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Friday, September 14, 2012
Dewey Docket: Filing Frenzy Before Hearing on ‘Clawback’ Plan
Per the Wall Street Journal's Law Blog:
September 14, 2012, 9:14 AM By Jennifer Smith
Update: In a development that should surprise precisely no one who has followed the collapse of New York law firm Dewey & LeBoeuf LLP, the firm’s former chairman and two other non-legal executives expect to be sued.
This comes via court papers filed late Thursday night by lawyers for former Dewey chair Steven Davis, former executive director Stephen DiCarmine and former chief financial officer Joel Sanders.
(Sidenote: As AmLaw reported last week, Mr. Sanders is now employed by a Florida law firm whose leaders “thought he could teach us some things” about how big firms do business.)
Back to the docket: the virtually identical filings disputed the alleged culpability of Messers. Davis, DiCarmine and Sanders in sinking the firm, and raised partial objections to a proposed $71 million settlement with former Dewey partners that will be the subject of a hearing next week.
The filings said that legal releases offered to ex-partners through the plan would hamper the leaders’ ability to defend themselves against litigation. They also said the plan should name participants, and how much each will contribute, so that the leaders, if found partially responsible, would only bear proportionate liability.
A lawyer for all three did not immediately respond to a request for comment.
The docket in the Dewey & LeBoeuf LLP bankruptcy grew by leaps and bounds Thursday, as ex-partners and creditors in the biggest law firm collapse in U.S. history filed a flurry of papers over proposed $71 million settlement with some of the firm’s former partners.
Next week a federal bankruptcy judge is scheduled to hear arguments over the plan, which would grant immunity from future lawsuits to lawyers who fork over some percentage of past earnings paid out as Dewey headed into bankruptcy.
With a week to go before the hearing, some ex-partner groups have blasted the plan, others have grudgingly signed on, and the firm’s creditors are also on board. Let’s take a tour through the filings, shall we?
Approval of the settlement, called the Partner Contribution Plan, or PCP, would mark the most significant recovery yet for Dewey’s creditors. The firm sought Chapter 11 protection this spring and owes creditors at least $315 million (and possibly as much as $560 million).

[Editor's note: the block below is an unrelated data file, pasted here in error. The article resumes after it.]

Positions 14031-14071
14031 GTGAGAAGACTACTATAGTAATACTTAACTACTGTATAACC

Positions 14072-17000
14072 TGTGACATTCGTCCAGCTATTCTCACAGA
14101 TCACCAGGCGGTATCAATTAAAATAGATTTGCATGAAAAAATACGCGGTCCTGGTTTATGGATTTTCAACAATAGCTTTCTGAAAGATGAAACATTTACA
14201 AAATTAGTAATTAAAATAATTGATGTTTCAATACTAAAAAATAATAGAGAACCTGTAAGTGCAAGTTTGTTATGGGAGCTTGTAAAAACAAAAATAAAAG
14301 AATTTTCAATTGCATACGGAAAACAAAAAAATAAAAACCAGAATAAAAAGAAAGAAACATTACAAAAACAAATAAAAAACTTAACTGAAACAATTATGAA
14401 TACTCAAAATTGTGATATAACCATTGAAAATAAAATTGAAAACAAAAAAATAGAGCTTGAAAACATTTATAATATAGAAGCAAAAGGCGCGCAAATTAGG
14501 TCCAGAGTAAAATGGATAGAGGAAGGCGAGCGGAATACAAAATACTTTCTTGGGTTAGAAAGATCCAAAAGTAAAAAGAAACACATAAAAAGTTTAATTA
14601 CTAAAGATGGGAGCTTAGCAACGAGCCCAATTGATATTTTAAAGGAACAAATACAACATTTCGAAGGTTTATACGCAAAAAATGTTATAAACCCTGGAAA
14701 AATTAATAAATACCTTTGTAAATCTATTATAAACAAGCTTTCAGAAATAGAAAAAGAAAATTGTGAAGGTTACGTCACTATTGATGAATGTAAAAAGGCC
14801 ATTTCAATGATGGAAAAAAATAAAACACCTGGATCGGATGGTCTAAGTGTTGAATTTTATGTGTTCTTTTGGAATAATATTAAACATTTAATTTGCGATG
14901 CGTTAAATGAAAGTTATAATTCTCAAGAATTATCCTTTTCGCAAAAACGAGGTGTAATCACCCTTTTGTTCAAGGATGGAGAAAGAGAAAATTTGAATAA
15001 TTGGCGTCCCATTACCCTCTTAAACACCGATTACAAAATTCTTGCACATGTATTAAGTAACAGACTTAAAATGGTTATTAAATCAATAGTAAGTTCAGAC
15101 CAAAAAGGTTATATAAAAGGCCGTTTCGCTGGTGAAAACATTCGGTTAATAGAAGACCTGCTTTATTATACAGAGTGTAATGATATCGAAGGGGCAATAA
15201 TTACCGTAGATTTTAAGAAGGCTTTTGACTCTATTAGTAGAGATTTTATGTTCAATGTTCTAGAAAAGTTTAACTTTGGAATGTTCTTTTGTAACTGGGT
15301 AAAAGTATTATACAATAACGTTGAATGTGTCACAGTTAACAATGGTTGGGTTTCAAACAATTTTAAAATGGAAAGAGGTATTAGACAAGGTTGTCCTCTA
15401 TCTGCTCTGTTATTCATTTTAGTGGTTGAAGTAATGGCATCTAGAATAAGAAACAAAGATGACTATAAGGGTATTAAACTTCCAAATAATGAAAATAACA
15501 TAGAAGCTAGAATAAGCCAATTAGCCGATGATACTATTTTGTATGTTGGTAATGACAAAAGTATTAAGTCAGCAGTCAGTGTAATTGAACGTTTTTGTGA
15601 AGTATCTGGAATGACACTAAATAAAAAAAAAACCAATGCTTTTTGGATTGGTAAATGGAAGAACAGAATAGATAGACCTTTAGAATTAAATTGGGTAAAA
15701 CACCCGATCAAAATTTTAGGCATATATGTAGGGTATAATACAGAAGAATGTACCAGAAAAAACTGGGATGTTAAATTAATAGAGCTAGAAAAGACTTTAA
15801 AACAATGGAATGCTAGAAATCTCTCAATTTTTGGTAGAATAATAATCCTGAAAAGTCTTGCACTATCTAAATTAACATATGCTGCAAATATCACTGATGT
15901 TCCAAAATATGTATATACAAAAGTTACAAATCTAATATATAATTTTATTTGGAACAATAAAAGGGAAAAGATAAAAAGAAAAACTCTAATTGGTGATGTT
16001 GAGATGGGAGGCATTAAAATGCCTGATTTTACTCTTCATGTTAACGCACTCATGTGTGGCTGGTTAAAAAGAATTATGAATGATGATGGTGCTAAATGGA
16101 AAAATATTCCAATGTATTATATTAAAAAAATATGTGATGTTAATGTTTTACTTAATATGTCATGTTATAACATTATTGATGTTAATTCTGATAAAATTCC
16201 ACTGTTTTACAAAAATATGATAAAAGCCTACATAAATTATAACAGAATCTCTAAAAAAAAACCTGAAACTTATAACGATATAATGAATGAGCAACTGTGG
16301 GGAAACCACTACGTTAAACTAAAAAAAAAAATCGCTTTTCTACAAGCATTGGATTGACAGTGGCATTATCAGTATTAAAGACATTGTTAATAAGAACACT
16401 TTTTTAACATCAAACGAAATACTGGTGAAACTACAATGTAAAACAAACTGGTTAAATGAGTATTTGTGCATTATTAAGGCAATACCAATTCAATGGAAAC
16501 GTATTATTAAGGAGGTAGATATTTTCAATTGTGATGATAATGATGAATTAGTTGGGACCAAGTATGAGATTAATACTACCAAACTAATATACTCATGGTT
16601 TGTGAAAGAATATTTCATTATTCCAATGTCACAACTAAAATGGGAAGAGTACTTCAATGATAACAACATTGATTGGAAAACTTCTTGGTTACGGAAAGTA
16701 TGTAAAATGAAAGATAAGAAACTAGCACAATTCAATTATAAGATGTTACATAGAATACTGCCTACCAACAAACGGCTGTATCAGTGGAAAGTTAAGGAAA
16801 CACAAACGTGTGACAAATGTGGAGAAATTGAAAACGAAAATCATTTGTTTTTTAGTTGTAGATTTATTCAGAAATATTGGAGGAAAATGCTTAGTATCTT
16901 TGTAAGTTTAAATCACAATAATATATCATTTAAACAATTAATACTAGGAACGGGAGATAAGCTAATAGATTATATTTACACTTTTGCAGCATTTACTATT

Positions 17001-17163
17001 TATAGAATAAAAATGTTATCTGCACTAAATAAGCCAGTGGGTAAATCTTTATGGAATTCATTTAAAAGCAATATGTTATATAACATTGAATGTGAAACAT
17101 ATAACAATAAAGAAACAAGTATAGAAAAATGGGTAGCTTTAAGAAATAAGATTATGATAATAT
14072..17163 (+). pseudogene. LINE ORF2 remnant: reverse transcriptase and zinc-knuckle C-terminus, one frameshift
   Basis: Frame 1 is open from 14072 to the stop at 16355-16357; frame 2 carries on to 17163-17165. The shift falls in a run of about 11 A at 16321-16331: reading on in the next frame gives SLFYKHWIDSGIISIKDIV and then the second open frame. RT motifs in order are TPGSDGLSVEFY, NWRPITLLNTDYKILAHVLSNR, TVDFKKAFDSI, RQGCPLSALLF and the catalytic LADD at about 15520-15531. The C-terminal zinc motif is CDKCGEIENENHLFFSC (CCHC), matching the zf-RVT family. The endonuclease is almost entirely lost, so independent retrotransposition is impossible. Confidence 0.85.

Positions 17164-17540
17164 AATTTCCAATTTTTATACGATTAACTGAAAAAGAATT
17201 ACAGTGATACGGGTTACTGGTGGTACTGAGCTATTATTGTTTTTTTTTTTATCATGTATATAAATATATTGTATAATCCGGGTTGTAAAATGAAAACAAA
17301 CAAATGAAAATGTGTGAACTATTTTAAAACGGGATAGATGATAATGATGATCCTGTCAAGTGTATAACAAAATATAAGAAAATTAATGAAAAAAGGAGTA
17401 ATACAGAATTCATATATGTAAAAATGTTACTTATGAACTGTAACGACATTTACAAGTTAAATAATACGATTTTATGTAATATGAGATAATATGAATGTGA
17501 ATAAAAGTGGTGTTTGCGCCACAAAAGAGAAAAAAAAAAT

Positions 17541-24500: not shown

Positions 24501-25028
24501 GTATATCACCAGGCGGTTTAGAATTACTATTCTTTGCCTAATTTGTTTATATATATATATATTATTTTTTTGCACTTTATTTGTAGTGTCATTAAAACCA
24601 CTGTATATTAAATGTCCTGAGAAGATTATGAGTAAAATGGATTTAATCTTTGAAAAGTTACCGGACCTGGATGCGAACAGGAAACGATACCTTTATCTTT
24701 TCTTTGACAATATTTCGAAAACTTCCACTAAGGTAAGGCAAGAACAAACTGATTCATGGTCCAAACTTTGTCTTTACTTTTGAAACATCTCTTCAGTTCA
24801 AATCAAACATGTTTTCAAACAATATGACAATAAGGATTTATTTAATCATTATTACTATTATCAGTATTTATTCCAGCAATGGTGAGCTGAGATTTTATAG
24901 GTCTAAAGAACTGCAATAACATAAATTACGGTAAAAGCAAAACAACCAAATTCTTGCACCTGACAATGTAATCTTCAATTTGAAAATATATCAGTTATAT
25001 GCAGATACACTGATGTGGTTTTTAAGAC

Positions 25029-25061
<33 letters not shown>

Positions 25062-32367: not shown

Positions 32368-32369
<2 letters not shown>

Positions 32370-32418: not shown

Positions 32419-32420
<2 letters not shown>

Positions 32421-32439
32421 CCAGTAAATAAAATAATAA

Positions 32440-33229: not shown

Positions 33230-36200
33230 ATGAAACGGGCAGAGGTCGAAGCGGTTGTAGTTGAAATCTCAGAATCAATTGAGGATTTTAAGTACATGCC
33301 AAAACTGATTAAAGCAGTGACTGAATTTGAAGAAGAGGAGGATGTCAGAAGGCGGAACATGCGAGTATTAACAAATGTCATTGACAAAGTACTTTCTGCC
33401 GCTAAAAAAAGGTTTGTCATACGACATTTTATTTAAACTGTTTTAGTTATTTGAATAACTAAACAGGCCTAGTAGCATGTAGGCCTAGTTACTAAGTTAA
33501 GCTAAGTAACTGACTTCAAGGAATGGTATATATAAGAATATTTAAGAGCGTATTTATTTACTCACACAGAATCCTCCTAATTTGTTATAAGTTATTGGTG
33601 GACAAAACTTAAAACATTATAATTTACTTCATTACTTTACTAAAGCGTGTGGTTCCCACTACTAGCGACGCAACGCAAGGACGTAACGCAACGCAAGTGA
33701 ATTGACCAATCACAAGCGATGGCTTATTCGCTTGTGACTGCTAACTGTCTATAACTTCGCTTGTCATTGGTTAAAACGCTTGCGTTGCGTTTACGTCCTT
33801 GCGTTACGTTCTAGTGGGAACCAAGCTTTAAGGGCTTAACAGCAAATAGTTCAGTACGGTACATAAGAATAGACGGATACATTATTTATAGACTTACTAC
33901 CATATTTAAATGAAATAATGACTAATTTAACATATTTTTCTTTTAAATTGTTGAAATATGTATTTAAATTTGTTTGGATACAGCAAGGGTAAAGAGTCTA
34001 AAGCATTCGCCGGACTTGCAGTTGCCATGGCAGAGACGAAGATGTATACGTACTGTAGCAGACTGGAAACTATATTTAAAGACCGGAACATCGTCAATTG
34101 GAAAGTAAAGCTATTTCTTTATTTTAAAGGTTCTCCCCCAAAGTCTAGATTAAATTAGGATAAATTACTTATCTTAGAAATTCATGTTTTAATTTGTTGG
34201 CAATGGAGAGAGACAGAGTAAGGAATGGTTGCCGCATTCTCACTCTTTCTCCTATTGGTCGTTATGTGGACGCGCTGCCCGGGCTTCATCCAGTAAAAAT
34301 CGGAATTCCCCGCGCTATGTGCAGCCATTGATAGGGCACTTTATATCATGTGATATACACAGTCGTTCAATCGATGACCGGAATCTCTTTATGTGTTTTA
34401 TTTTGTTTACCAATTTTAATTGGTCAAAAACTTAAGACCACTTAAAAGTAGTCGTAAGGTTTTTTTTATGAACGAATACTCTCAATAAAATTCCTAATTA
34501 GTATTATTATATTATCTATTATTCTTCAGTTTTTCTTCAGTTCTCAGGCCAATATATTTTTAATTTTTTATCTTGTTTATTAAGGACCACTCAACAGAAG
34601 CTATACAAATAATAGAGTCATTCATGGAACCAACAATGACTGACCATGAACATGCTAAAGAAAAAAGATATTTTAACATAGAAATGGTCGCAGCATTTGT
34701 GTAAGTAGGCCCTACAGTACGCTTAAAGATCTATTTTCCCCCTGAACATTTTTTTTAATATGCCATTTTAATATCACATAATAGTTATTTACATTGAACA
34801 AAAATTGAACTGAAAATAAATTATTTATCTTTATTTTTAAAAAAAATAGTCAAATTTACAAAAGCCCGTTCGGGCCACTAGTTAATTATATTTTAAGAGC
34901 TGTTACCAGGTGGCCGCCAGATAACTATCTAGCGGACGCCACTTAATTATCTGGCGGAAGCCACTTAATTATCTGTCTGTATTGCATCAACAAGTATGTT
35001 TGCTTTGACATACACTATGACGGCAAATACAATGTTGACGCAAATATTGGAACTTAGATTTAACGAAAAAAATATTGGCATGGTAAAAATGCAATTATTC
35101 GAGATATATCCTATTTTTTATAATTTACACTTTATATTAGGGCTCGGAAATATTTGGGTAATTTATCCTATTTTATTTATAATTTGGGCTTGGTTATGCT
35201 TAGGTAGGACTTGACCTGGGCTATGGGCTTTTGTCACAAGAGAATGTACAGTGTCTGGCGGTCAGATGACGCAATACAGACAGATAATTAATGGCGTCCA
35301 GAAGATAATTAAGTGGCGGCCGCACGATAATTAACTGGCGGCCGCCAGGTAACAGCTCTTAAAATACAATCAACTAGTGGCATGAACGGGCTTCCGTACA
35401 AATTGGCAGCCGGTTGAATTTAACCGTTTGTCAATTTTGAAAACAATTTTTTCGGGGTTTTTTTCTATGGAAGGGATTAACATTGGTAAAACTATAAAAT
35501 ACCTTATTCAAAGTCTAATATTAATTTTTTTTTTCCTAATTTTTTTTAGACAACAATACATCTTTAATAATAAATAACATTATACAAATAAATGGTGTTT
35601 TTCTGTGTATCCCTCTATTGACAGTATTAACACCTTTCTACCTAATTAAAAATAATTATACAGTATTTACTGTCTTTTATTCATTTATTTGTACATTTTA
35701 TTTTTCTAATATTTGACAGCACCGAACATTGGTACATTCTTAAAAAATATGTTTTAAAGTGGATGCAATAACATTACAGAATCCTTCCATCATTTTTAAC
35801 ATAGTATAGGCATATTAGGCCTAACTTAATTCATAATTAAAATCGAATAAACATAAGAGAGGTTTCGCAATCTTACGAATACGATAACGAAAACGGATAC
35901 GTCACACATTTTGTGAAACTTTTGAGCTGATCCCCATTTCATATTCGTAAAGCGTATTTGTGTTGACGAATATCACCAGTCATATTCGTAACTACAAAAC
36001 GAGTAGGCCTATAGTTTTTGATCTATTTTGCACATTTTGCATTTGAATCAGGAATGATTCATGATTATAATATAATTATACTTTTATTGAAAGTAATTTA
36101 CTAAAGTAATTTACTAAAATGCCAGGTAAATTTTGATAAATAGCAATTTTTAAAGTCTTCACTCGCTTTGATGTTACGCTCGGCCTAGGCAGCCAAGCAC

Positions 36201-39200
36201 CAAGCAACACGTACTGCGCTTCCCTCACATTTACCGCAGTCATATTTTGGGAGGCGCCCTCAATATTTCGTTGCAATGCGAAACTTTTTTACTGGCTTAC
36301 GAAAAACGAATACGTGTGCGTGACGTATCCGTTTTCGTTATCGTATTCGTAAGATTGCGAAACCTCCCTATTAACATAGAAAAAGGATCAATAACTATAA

Lawyers for one group of ex-partners who agreed to the plan urged Judge Martin Glenn to sign off, saying in a motion filed Thursday that while their clients were unhappy with being asked to pay, the plan offered them “the opportunity to pay significant sums of money to buy certainty and peace of mind to enable them to move on to a fresh start free from years of fear and uncertainty.”
Dewey’s unsecured creditors, having ensured they would get a cut of the payout, also support the settlement—to a point—although they called it “rough justice.”
Dewey’s bankruptcy advisors have said the settlement is the fastest way to settle up some of the debts and will avoid tortuous years of litigation. Reached on Thursday evening, Albert Togut, the estate’s bankruptcy lawyer, declined to comment beyond what had been laid out in earlier court filings.
Then there is the “Hells No” category, represented by these two groups: the official committee of former partners, and an ad hoc committee of retired partners who have asked the judge to appoint an independent trustee or examiner.
Both groups say the proposed settlement is premature, is not in the best interest of creditors, and is riddled with conflicts because it was essentially engineered by the same Dewey leaders who could face liability for their role in the firm’s collapse. They also say no analysis was done on what ex-partners might have otherwise owed creditors (which depends in part on when the firm became insolvent). The ex-partners were collectively paid about $432 million in 2011 and 2012.
From the objection filed by the official committee of former partners:
The Debtor is managed by individuals who remain partners and who were actively engaged in many of the Debtor’s most controversial pre-petition actions. Even if they are well-intentioned, they have personal relationships with former colleagues, personal biases regarding pre-petition transactions and the cause of the Debtor’s demise and, most importantly, concerns with regard to their own personal exposure.
Both of the objecting committees criticized the lack of transparency concerning settlement details or how those numbers were reached. From the objection by the ad hoc committee of retired partners from the LeBoeuf side of the firm:
The Debtor has not revealed the compensation paid to any partner during 2011 and 2012, has not disclosed the members and service dates of the partners subject to the Executive Committee premium, has not identified the tort claims sought to be released against individual partners, and has not disclosed the PCP settlement amounts for any individual partner. The Debtor has previously justified this absence of disclosure due to its “concern for the privacy of individuals.” Now that the Debtor seeks approval of the PCP, its concern for the privacy of the amounts it paid to its insiders needs to yield to the “strong presumption and public policy in favor of public access to court records.”
They also both pointed to a recent New York federal court ruling on who can claim profits from unfinished legal business, saying it throws the Dewey plan’s viability in doubt. Partners who have agreed to participate in the settlement can pull out if separate claims on profits from legal work they took with them to their new firms are not resolved by Sept. 30, they said.